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Local game goodness at first ever Perth International Games Week

Local game goodness at first ever Perth International Games Week

Move over Melbourne International Games Week, Perth’s got a whole month of delicious game events!

Local game goodness at first ever Perth International Games Week

Every year, Perth’s gamers and game makers flock to Melbourne International Games Week (MIGW) to get their fill of the latest and greatest games and interactive offerings.

But, thanks to the first ever Perth International Games Week (PIGW) happening this month, we might start getting Melbourne folk visiting us!

A culmination of many years of work by many fine individuals and organisations, PIGW is yet another reminder of the incredible talent we have here in Western Australia. As Sofie Mather, who is involved in organising almost every event during PIGW, put it, “Perth is a big tasty soup of talent, and we have a local industry that’s worthy of celebration.”

PIGW kicked off on 9 November with Playup Perth #15 and concludes with the Perth Games Festival on 25 November. (For you detail-oriented folks, you may have noticed that PIGW is actually a month … hey, we do things differently on the west coast.)

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Image|Let’s Make Games
Last year’s Perth Games Festival

Turning 5!

While it’s the first ‘official’ year of PIGW, many of the events under its umbrella have been running for quite some time. The longest running is the centrepiece of PIGW, the Perth Games Festival, which has been running since 2013—making 2018 its 5th birthday!

As Festival Director Jon Hayward tells me, the festival is a great entry point into creating your own game.

“The Perth Games Festival connects game developers with the people of Western Australia,” he says. “It helps get new people into the game development scene and shows why games can be and are created here.”

It’s not surprising then that there are many early-career developers showing of their work this year, giving us a glimpse into the future of Perth’s games industry.

The events of PIGW allow early career developers to show off their work…
. Credit: PotLuck Collective
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Image |

PotLuck Collective

The events of PIGW allow early career developers to show off their work…
…and allows the community to get a glimpse into the future of Perth’s games industry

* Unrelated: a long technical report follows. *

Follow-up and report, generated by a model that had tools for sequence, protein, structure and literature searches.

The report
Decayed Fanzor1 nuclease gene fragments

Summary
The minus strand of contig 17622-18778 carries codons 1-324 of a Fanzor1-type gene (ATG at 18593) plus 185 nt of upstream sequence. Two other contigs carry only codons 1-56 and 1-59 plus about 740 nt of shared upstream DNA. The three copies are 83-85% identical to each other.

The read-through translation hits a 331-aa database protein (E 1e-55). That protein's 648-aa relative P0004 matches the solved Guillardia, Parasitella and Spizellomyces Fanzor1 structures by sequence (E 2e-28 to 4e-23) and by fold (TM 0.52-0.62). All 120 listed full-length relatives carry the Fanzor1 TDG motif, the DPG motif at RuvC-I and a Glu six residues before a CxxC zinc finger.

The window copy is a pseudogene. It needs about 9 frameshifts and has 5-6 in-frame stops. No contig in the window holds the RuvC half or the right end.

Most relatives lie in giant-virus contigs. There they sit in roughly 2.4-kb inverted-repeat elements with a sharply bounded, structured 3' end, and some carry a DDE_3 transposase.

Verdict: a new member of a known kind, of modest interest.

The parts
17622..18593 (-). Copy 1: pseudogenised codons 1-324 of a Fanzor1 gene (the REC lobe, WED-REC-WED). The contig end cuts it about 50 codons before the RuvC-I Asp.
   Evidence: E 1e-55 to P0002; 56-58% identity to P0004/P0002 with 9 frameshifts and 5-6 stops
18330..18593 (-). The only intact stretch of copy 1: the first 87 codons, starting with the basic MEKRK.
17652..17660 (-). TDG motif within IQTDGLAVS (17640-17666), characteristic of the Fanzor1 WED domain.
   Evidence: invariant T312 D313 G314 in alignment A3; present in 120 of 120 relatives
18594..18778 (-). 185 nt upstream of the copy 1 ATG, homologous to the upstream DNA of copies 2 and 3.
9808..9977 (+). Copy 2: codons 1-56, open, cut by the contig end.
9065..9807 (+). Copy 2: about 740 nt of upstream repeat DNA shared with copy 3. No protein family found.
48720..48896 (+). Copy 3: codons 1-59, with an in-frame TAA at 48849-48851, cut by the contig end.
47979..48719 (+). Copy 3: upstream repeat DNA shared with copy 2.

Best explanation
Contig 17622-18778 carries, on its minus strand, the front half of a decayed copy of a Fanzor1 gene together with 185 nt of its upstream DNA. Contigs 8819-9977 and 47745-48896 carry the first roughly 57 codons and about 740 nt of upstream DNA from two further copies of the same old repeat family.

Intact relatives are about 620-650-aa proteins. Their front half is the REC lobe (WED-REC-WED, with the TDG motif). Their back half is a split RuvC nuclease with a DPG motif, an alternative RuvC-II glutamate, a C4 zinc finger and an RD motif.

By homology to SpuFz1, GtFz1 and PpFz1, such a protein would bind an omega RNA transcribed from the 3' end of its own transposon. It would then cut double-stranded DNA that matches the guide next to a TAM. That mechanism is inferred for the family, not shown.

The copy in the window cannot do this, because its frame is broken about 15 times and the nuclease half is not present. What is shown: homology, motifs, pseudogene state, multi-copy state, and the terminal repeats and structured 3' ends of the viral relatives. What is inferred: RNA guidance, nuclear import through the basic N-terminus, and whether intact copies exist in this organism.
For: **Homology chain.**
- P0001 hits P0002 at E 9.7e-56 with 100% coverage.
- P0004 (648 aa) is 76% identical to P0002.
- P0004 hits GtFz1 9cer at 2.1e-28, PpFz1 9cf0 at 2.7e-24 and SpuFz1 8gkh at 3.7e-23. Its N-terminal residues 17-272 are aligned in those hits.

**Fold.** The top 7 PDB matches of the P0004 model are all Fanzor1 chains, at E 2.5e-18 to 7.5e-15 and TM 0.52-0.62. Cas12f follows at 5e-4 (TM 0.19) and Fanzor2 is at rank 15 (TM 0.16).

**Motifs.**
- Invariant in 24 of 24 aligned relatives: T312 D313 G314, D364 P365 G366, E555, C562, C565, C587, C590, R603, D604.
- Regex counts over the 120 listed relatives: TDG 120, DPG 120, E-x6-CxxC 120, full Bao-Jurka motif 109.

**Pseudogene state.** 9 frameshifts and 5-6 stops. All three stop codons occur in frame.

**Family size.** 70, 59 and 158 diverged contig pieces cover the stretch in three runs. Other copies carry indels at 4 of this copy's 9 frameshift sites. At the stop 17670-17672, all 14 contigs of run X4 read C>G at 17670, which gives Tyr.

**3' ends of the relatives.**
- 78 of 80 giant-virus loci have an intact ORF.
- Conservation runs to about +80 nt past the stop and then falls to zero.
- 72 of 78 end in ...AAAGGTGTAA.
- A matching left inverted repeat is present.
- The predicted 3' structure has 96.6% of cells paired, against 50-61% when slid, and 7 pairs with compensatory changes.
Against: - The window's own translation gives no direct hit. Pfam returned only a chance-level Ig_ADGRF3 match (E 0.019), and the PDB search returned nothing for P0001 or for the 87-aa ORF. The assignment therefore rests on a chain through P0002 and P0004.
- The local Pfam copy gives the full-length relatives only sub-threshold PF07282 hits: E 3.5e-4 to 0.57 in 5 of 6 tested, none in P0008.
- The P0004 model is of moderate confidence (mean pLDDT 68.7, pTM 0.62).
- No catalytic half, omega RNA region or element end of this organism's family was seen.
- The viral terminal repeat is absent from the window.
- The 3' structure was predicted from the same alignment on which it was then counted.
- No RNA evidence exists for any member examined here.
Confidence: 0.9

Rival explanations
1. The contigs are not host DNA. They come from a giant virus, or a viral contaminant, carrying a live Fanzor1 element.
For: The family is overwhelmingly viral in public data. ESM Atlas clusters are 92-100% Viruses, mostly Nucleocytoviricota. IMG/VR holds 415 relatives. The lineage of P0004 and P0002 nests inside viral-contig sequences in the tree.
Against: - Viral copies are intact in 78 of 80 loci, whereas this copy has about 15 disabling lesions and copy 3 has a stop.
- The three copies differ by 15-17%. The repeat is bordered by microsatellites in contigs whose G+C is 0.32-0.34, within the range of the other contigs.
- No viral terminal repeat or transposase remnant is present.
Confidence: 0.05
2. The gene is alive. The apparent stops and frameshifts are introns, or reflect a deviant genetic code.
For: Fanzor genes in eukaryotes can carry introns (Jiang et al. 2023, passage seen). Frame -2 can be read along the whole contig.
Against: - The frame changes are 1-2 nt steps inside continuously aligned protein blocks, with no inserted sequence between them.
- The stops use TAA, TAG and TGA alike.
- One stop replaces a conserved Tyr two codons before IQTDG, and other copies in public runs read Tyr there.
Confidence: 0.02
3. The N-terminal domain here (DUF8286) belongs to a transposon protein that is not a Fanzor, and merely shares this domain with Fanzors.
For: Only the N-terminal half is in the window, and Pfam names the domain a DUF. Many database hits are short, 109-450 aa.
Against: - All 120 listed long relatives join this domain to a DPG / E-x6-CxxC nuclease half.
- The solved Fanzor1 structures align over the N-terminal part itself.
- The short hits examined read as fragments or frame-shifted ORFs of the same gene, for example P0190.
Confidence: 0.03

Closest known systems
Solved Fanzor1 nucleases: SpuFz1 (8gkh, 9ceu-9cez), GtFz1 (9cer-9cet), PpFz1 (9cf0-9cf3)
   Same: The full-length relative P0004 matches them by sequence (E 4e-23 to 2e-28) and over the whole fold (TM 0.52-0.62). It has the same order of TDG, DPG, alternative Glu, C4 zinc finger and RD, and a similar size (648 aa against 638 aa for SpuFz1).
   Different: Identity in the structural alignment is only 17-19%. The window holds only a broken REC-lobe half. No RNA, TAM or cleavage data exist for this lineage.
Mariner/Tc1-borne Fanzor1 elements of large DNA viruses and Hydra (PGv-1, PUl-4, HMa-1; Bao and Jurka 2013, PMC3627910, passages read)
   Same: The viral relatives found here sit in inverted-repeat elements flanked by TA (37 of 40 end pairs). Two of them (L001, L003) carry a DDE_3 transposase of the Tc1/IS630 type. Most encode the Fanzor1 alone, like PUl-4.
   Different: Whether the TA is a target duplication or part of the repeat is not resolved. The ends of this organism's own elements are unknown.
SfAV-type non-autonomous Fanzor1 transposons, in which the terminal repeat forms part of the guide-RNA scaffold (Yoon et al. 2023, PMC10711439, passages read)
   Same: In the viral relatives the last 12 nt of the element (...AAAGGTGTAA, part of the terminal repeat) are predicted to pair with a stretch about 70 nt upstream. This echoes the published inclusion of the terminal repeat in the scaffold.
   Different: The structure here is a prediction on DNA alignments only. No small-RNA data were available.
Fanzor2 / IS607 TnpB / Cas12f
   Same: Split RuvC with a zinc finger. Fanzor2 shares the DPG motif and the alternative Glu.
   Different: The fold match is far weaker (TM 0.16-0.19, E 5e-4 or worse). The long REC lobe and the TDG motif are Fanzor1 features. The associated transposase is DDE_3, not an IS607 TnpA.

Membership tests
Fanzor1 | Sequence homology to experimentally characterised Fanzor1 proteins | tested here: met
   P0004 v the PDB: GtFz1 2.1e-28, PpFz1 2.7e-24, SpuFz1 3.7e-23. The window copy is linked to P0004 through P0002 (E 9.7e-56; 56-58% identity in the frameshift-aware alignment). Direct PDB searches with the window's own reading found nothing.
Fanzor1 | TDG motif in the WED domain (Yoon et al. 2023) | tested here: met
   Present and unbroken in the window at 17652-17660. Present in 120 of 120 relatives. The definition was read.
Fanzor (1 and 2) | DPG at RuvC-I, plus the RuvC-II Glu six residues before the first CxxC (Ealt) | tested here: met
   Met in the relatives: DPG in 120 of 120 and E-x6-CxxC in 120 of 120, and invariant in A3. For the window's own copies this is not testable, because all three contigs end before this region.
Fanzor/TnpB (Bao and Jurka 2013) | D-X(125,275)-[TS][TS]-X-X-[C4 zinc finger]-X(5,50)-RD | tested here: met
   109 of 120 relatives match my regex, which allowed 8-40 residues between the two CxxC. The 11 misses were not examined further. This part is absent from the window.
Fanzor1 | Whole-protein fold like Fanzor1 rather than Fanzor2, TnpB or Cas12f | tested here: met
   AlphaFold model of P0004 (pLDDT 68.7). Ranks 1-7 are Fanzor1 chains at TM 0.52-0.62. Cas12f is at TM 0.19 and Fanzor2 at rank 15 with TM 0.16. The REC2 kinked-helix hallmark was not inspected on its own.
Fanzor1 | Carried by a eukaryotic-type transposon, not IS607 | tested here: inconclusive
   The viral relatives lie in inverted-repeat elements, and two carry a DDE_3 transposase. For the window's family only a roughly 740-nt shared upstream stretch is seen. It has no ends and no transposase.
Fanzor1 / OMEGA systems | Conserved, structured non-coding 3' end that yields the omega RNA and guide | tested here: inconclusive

. Credit: PotLuck Collective
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Image |

PotLuck Collective

…and allows the community to get a glimpse into the future of Perth’s games industry

Housed at the Perth Town Hall and free to the public, the Perth Games Festival expects to attract more than 2000 attendees this year.

The ones to watch

Some titles to look out for at this year’s festival include Hien Pham and Amos Wolfe’It Will Be Hard, an Australian Game Developer Award-winning interactive graphic novel. The story (which Hien describes as “gentle smut” and as such is 18+) centres around a relationship between two men, Arthur and Harold, and their journey to make their relationship work.

As the work’s site describes, “With queer people of colour at its center, the gentle, optimistic, and optionally erotic story touches upon grey asexuality, polyamory, and the importance of communication between partners.” Hien, who created the story and the comic’s beautiful art, shares with me:

“It’s a small love letter to what I don’t see enough of in games and comics: gentle and emotionally vulnerable physical intimacy between diverse bodies.”

Another game to watch out for is Project Wingman, a flight simulator with an inspiring back story for aspiring game creators. Abi Rahmani, the solo developer behind the game, tells me the game started out as a way of learning more about Unreal Engine (one of the main tools used to make video games), and he’s been really happy about how his project has taken off. Last year, he received an Unreal Developer Grant as well as concluding a successful Kickstarter campaign earlier this year.


Let’s Make Games

Project Wingman at the Perth Games Festival 2017

Project Wingman at the Perth Games Festival 2017

If you missed TeleBlast at the recent Playup Perth, it will also be on offer at the festival. Described by the developers as “a local multiplayer sports game of the future where you blow up your friends with teleports”, TeleBlast has been doing really well interstate. After emerging from this year’s Global Game JamTeleBlast went on to be selected for the PAX Australia Indie Showcase 2018.

Extended Play Unconference

Another long-running event that is part of this year’s PIGW is the Extended Play Unconference. First launched in 2015, this year’s unconference will run on 25 November and will be “a casual afternoon of informal talks, discussions and probably a BBQ”. Being an unconference means not only can anyone attend, but anyone can show up to speak or run a workshop.

As Sofie tells me, “Extended Play offers a relaxed space where an assortment of voices can be heard discussing whatever they want respectfully. True to its roots, Extended Play has remained community focused, encouraging a healthy equilibrium alongside our community’s commercial aspirations.”

“This baby is all goodness,” Sofie adds.

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Image|Sofie Mather
Everyone is welcome at the Extended Play Unconference!

Get your game on

If you want to get in on all this gaming action, you can check out the full list of PIGW events here.

With all these creative, innovative and boundary-pushing events happening in Perth, who needs to go to Melbourne?

Particle Puns


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